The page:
All of this was very long ago. Perhaps it is all a dream. It seems like that now.
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Russia's Oblique Icebreaker "Baltika" Tested in Arctic Ice - gCaptain Maritime & Offshore News

Russia's Oblique Icebreaker "Baltika" Tested in Arctic Ice - gCaptain Maritime & Offshore News:

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The Right Dose of Exercise for a Longer Life - NYTimes.com

The Right Dose of Exercise for a Longer Life - NYTimes.com

by Jane Brody

Exercise has had a Goldilocks problem, with experts debating just how much exercise is too little, too much or just the right amount to improve health and longevity. Two new, impressively large-scale, studies provide some clarity, suggesting that the ideal dose of exercise for a long life is a bit more than many of us currently believe we should get, but less than many of us might expect. The studies also found that prolonged or intense exercise is unlikely to be harmful and could add years to people’s lives.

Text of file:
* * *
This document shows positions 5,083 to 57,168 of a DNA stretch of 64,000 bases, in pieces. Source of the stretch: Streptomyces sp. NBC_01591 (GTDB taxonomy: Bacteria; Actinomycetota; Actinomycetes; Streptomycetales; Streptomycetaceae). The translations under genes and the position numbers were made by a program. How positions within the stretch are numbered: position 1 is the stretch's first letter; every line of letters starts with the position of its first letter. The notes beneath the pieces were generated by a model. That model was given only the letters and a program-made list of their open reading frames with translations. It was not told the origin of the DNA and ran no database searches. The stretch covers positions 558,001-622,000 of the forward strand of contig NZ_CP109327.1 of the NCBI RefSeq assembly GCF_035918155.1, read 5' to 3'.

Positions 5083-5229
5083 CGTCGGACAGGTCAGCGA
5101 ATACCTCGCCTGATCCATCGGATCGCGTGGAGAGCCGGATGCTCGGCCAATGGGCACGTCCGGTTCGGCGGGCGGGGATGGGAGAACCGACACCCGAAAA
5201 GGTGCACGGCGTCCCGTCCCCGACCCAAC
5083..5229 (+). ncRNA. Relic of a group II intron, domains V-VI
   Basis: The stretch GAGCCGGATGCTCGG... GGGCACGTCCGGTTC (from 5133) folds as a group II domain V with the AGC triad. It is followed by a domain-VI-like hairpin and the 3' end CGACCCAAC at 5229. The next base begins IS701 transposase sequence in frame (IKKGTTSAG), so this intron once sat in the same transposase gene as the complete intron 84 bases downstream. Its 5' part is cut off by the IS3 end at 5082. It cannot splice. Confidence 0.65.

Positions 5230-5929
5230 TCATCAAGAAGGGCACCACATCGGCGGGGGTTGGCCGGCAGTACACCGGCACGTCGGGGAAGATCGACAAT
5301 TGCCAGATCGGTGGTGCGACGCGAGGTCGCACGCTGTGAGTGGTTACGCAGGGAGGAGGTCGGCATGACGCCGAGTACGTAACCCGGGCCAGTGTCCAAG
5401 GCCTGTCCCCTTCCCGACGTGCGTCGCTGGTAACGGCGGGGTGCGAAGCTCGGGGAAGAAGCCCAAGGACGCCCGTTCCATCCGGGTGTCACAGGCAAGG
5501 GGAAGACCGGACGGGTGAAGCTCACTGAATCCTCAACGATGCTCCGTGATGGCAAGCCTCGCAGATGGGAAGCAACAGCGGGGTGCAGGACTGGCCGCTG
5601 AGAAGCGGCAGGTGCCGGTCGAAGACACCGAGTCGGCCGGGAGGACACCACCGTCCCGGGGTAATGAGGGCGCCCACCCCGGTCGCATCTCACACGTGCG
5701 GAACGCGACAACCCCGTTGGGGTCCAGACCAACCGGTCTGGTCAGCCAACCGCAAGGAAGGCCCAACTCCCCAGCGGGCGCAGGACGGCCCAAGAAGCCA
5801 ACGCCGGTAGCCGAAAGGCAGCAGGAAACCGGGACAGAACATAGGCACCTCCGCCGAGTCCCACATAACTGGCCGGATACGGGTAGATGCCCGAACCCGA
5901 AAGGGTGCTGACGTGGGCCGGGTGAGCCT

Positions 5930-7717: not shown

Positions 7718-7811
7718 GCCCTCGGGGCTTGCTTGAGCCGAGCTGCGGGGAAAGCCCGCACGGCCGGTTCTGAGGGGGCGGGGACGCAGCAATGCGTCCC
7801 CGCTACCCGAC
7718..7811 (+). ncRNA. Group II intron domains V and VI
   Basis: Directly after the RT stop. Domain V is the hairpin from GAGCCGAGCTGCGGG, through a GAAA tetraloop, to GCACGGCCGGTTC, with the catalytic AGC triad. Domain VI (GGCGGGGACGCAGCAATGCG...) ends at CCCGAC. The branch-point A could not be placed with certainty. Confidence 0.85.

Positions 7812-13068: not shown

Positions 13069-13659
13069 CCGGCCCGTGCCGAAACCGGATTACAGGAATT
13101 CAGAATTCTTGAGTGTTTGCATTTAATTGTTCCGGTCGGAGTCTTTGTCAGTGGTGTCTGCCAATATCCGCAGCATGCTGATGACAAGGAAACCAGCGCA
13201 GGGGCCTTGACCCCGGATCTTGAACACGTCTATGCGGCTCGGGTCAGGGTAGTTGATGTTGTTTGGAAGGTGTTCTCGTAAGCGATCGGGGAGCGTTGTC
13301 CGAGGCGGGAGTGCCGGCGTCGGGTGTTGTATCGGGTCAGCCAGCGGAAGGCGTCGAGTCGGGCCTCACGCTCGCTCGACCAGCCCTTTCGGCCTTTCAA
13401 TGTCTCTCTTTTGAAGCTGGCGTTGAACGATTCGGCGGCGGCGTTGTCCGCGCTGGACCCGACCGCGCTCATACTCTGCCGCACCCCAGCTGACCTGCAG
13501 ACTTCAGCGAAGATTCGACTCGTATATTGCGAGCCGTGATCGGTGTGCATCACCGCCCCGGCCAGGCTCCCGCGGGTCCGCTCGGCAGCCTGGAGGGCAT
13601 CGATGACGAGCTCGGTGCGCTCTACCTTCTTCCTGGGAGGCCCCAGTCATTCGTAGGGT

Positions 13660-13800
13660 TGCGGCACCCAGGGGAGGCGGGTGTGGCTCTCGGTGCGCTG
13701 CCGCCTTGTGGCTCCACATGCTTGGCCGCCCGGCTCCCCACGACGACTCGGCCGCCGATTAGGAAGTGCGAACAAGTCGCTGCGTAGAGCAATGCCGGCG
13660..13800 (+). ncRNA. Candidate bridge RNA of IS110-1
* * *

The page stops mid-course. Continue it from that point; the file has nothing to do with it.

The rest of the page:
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Thursday, April 9, 2015

Mortality Risk Drops With More Exercise--A Little or a Lot

Mortality Risk Drops With More Exercise--A Little or a Lot

"BETHESDA, MD — Good news on the exercise front, including for those who do a little and those who do lot, with a new study showing that any amount of leisure-time physical activity is associated with a significantly lower risk of death when compared with no physical activity at all[1].

 Those who did a little, such as those individuals who did less than the amount outlined in the 2008 Physical Activity Guidelines for Americans, still had a 20% lower mortality risk compared with individuals who did no exercise at all. Those who achieved the minimum recommended physical-activity target—defined as 7.5 to <15 MET hours per week—had a 31% lower risk of dying compared with the physically inactive.